But we are corresponding live from Maria Terreira’s bedroom, where there’s a large, ripe bed that can be mounted from three sides. Despite all the furniture, we spent the first night on an unfolded folding sofa. So tight that we were one, so tight that a piece of cloth (like a black polo neck) felt like a long-distance relationship over a bad Skype connection with time lag. Underwear, like a prison, and socks, like strangled sacks from which nothing takes root. From this day forth, we planned to spend every day together, and not let the matter sink into singularity. After deducting two consecutive days of proud waiting, there remain only 20 more days for Maria Terreira and me before she moves back to her old life. Back to her family, her fears and her horses. Maria Terreira loves horses, and I love girls who love horses. Before going to bed after a long night, Maria Terreira likes to eat, preferably a bifana, a simple sandwich made of meat and Portuguese soul, which I gladly partake of before lying beside her. Maria Terreira loves late nights and I love her long mornings. She loves that I’m tall, and I, that she’s small. She knows answers for which I pose the right questions, and we appreciate one other’s bad and not just good sides. With each passing day, we sense that we’re not who we take each other to be. But we enjoy it anyway, because the finite days supply the required magic and closure, so that we don’t have to seek them ourselves. We have to pull through all by ourselves, like the greatest names in history. For this is a story of locations and their connections. Single shreds that suddenly unite and broaden the horizon by shrinking. Becoming less, no longer standing alone, making you choose more cautiously, the more of them you see.

On the morning of her departure, Maria Terreira asked me to join her. To the door, to the train station, to Porto and to the end of her life. I also wanted to want that, but I didn’t even make it to the station because the metro rides right in front of her house. Maria Terreira remained monosyllabic most of the time, but in her farewell, she said to me in Portuguese that she had really enjoyed the time with me (I think), and in English that my heart isn’t blind but wears mirrored sunglasses, which look cool but are only there to protect from the self and the sun. But she couldn’t take them off me. When the Blue Line drove her out of my life, it became clear that she was gone like the desire she had come with. I felt miserable on my short trip home. As the door, which Maria Terreira had just opened, shut behind me, I didn’t need any of my twelve morning espressos to feel alive. I asked myself if I wanted a life that’s dependent on overly human feelings, or rather to live in freedom that feels like a greenhouse in which identical red strawberries sprout. Should I relinquish my imagination for reality? Together with her, I broke rules that I had specially set myself. With her, I wasn’t only interested in words, but also their roots. Without her, I am pervaded by thoughts and emotions that I will share with no one because of my colossal ego and cool sunglasses. Maria Terreira least of all. Because without her I have no chance against the rules that I specially set myself. Nietzsche or Sartre said that love demands that you surrender yourself to the other to flourish and decay. To get naked, and if that’s not enough, then only because you weren’t reached (he didn’t say that!).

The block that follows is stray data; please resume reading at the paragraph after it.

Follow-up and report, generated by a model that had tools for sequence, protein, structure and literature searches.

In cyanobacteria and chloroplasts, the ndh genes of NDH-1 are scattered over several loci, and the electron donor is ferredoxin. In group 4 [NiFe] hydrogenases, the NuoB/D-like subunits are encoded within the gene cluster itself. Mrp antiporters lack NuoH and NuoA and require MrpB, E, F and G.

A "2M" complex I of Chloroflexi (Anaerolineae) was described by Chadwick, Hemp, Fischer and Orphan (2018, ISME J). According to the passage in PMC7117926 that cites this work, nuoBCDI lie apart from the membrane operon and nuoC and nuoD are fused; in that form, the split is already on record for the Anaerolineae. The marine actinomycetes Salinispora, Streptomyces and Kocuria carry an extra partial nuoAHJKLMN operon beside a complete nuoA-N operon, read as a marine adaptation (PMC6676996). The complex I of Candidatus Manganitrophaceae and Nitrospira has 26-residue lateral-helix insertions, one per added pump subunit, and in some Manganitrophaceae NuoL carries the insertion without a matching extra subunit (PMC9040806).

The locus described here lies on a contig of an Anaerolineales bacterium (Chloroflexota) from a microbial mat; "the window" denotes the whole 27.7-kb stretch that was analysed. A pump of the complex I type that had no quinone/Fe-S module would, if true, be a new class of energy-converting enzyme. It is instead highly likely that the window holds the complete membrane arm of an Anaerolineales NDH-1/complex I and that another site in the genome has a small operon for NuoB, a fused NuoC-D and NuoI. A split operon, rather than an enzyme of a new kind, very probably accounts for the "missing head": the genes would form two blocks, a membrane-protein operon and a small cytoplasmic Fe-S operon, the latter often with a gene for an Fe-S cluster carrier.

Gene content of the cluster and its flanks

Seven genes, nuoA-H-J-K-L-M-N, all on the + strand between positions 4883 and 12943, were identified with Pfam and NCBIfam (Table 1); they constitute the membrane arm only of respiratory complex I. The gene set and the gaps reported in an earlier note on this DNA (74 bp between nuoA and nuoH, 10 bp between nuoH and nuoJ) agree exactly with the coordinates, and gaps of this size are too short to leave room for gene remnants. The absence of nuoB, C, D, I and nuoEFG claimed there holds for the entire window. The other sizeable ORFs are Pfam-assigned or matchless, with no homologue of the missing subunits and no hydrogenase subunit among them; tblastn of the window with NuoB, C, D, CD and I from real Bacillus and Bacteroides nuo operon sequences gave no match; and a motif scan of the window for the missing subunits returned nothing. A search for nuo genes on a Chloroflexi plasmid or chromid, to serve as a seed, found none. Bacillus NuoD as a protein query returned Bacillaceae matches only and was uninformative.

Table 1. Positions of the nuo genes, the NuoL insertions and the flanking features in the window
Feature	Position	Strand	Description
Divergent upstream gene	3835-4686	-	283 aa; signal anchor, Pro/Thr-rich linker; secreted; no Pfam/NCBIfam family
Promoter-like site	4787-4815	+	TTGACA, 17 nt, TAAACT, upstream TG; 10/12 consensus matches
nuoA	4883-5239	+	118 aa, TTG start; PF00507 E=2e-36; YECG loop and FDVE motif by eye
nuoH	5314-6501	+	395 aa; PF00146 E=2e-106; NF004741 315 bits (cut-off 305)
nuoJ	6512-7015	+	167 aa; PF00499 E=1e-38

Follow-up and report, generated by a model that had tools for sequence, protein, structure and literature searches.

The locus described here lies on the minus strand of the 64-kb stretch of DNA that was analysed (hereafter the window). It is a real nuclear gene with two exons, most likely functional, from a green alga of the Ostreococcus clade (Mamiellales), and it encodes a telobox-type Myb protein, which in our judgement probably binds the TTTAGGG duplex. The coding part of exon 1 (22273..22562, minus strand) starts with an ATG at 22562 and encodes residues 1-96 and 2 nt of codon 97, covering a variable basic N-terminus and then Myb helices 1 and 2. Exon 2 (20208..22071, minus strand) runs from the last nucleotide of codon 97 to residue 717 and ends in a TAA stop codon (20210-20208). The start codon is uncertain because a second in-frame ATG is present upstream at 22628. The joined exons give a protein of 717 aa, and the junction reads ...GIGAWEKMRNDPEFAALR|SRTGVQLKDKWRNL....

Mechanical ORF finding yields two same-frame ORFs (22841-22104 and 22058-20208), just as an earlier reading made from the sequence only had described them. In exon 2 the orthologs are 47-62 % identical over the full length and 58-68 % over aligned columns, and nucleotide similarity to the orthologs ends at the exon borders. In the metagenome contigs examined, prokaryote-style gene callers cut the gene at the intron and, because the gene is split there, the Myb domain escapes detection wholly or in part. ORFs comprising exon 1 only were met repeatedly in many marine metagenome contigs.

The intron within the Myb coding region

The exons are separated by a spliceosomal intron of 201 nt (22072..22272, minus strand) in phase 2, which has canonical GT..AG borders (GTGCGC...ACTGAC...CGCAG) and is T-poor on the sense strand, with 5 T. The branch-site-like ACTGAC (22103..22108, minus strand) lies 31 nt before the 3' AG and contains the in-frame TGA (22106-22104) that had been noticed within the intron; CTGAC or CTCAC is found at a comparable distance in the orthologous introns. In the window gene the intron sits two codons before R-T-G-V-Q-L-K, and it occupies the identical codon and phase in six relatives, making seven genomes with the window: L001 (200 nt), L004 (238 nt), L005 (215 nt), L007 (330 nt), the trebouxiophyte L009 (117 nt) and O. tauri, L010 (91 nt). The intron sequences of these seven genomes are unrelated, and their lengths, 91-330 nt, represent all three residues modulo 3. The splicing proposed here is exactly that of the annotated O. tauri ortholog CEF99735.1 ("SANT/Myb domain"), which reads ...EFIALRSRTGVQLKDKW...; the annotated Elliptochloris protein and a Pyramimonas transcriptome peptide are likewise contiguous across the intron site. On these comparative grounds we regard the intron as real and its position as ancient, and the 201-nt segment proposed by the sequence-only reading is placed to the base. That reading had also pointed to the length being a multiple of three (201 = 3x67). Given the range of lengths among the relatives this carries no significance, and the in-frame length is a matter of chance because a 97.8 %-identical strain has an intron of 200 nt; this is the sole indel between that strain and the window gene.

Now, I miss Maria Terreira the most when I don’t think of her. She would have been a great girl if I hadn’t compared her to who I believed her to be. Perhaps the best I ever met outside my rose-petal-excreting imagination. A pastel de nata that doesn’t taste half as good in the best shop in town as it does in a café from which you’d never expect it. These things scare me sometimes, because Maria Terreira is beautiful from inside and out. Different, with each of her words. The one, if there were no others in the world. More than enough, if only one were enough. Can one have it all? Because I already have a broken car, a broken roof and cool sunglasses through which broken cars and broken roofs don’t matter. It’s all relative! Everything is cool and a question of reflection. Anyway, it’s 11 p.m., so for Maria Terreira and her new boyfriend it’s bedtime on Mondays and far too early to party on Fridays. I don’t want to say much about her new boyfriend, because everything I’d say would be awful. But in my imagination, he has the biggest dick, the smartest brain and tells the most delightful jokes.

Konstantin Arnold (1990), author and photographer, writing features for newspapers (Frankfurter Allgemeine Zeitung) & Magazines (Vice, Der Spiegel,..) to afford wine and Portuguese olives. Coming to Lisbon for more than a decade, finally deciding a bit over a year ago to settle down here, after years of having no home flying around the world as a journalist. Currently working on his newest book: Letters from Lisbon, which these two stories are taken out. His homepage is www.konstantinarnold.de